SystemClick( eventPtr, window );
		case inContent:
			SelectWindow( window );
		case inDrag : 
			DragWindow( window, eventPtr->where,
		case inGoAway:
			if ( TrackGoAway( window, eventPtr->where ) )
				DisposeWindow( window );

The adjusting of the state of a menu item (enabled or disabled) based on the current state of a program has been a topic we've largely ignored - until now. In a real-world application all menu items don't pertain to all situations. For instance, if no window is open, then a Close menu item certainly shouldn't be enabled - there's nothing to close. If a window is open in our PrintDoc program, then the Close, Page Setup, and Print items should be active. If no windows are open, then these same items of course do not apply - and should be dimmed. The AdjustMenus() function looks to see if a window is open (via a call to FrontWindow()), then makes calls to either DisableItem() or EnableItem() to set the File menu items to the proper state. AdjustMenus() also makes a call to DisableItem() with a second parameter of 0 to disable all of the Edit menu items (pass a second parameter of 1 to enable all items). If the PrintDoc program included editing, then we'd have to come up with a scheme for selectively enabling and disabling items from the Edit menu.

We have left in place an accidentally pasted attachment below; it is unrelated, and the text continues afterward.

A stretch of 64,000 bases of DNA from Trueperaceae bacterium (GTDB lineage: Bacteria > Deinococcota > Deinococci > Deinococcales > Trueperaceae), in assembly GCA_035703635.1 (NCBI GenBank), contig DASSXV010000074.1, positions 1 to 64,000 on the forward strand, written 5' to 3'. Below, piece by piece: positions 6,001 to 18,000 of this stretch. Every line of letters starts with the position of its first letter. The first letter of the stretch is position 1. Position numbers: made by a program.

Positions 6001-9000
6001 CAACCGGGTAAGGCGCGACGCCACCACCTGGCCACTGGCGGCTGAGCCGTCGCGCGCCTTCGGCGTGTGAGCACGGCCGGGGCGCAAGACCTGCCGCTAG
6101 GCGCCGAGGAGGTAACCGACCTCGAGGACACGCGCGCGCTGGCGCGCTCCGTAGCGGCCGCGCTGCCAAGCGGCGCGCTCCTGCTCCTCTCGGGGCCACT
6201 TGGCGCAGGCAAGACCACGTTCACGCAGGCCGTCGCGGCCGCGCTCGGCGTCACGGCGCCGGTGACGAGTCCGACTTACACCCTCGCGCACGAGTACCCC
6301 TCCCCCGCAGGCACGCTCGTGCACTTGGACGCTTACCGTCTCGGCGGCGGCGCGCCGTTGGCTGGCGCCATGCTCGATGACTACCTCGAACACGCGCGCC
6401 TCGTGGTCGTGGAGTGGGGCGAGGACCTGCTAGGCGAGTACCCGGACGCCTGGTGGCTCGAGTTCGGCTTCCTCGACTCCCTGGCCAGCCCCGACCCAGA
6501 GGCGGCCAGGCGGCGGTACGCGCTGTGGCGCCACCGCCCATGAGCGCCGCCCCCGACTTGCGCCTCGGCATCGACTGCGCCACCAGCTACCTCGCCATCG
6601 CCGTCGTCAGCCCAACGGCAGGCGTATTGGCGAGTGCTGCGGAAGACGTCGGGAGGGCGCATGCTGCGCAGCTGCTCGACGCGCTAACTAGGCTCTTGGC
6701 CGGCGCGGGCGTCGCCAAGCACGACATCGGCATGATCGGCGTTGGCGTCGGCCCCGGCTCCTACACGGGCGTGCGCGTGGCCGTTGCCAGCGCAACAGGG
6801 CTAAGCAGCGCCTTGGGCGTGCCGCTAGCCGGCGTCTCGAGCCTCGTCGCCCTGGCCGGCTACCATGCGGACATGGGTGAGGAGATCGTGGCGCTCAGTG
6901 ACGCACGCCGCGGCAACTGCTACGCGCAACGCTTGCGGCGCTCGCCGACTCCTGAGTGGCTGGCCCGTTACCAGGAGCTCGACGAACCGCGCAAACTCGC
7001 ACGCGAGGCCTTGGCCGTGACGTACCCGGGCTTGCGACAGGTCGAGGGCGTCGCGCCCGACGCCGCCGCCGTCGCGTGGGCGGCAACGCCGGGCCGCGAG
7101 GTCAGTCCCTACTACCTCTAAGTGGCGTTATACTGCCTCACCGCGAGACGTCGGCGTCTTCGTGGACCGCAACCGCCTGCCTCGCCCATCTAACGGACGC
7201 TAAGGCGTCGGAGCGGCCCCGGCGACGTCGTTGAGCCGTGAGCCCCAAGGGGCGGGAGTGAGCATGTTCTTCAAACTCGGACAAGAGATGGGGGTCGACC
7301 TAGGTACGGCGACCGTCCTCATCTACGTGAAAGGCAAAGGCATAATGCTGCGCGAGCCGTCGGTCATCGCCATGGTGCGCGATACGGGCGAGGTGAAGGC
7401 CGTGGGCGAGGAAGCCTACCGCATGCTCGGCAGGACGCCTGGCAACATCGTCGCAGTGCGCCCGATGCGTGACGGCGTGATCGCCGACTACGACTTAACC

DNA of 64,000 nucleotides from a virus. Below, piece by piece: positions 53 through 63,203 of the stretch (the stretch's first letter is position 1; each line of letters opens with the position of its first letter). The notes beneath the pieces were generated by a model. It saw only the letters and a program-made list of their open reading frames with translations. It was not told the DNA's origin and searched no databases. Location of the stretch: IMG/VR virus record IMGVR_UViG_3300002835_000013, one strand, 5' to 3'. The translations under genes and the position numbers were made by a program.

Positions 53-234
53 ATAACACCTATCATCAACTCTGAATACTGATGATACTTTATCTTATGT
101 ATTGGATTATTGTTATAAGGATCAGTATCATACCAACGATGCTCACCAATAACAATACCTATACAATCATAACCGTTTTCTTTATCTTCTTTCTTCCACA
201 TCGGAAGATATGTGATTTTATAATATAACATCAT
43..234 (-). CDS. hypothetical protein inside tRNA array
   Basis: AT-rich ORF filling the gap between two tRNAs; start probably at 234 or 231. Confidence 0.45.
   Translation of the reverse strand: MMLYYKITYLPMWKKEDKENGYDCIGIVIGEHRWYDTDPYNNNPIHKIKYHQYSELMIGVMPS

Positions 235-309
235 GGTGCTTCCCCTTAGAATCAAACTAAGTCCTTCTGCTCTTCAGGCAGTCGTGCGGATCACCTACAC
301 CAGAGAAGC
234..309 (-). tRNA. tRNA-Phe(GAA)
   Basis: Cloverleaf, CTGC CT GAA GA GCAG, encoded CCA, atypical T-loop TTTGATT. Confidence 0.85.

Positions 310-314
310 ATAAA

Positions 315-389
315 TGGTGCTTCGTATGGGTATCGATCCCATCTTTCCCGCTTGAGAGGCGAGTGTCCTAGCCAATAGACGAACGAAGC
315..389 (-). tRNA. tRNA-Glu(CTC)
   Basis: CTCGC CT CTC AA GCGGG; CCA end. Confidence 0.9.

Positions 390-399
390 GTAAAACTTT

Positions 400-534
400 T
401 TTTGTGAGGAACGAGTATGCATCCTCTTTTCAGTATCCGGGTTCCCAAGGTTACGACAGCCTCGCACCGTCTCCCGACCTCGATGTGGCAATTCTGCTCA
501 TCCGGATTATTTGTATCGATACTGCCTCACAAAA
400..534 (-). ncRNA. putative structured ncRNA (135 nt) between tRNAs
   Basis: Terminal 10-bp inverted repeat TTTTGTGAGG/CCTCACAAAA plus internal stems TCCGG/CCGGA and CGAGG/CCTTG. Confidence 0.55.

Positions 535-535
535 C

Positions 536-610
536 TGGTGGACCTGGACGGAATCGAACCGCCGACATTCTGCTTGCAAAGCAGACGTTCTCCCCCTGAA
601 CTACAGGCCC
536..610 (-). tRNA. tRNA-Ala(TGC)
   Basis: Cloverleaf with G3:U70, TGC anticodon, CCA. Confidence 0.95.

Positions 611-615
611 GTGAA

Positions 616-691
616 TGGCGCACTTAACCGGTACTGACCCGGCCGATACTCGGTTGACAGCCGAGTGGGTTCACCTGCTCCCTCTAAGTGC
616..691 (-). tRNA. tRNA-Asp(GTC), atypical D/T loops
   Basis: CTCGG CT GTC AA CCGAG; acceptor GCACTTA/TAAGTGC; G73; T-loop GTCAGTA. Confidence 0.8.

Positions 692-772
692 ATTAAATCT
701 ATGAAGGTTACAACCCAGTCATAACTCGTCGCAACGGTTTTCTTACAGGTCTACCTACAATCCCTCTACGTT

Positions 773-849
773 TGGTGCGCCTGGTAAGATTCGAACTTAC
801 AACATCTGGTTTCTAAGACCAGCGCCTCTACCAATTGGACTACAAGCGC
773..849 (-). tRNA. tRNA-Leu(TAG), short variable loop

/******************** AdjustMenus ********************/
void		AdjustMenus( void )
	WindowPtr	window;
	DisableItem( gEditMenuHandle, 0 );
	window = FrontWindow();
	if ( window == nil )
		DisableItem( gFileMenuHandle, iClose );
		DisableItem( gFileMenuHandle, iPageSetup );
		DisableItem( gFileMenuHandle, iPrint );
		EnableItem( gFileMenuHandle, iClose );
		EnableItem( gFileMenuHandle, iPageSetup );
		EnableItem( gFileMenuHandle, iPrint );

HandleMenuChoice() and HandleAppleChoice() are both similar to prior versions.

/****************** HandleMenuChoice *****************/
void		HandleMenuChoice( long menuChoice )
	short	menu;
	short	item;
	if ( menuChoice != 0 )
		menu = HiWord( menuChoice );
		item = LoWord( menuChoice );
		switch ( menu )
			case mApple:
				HandleAppleChoice( item );
			case mFile:
				HandleFileChoice( item );
		HiliteMenu( 0 );
/***************** HandleAppleChoice *****************/
void		HandleAppleChoice( short item )
	MenuHandle		appleMenu;
	Str255				accName;
	short				accNumber;